Books Received | Published:

(1) What I Believe (2) The Religion of a Darwinist: Conway Memorial Lecture delivered at South Place Institute on March 26, 1925 (3) Science and Religion

Naturevolume 115pages667669 (1925) | Download Citation

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Abstract

THE fame of most scientific men depends on their positive contributions to some particular branch of science: but Huxley's fame depends mainly on the clarity and fearlessness with which he not only expressed scientific conclusions, but also extended their application to the beliefs popularly held in his time, and particularly to theological beliefs. The smoke of controversy rolled round his writings forty or fifty years ago, and, though some of it has cleared away, it still continues to roll round the subjects on which he wrote. The three short books referred to above are sufficient evidence of this.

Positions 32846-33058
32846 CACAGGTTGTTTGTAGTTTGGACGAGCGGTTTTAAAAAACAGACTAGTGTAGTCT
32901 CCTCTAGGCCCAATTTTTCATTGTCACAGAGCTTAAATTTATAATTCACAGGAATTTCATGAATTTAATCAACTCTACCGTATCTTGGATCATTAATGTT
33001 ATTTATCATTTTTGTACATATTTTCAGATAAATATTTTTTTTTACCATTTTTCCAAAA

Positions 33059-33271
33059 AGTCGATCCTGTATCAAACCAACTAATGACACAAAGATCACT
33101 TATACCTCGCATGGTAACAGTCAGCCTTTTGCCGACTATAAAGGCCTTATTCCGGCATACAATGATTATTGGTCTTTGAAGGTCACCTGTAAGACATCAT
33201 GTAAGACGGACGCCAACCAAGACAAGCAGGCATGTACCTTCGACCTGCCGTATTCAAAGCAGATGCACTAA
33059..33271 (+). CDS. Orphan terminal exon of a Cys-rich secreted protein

(1) What I Believe.

By Bertrand Russell. (To-day and To-morrow Series.) Pp. 95. (London: Kegan Paul and Co., Ltd.; New York: E. P. Dutton and Co., 1925.) 2s. 6d. net.

(2) The Religion of a Darwinist: Conway Memorial Lecture delivered at South Place Institute on March 26, 1925.

By Sir Arthur Keith. Pp. 76. (London: Watts and Co., 1925.) 2s. net.

(3) Science and Religion.

By Prof. J. Arthur Thomson. Pp. ix + 238. (London: Methuen and Co., Ltd., 1925.) 7s. 6d. net.

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  1. Search for J. S. HALDANE in:

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https://doi.org/10.1038/115667a0

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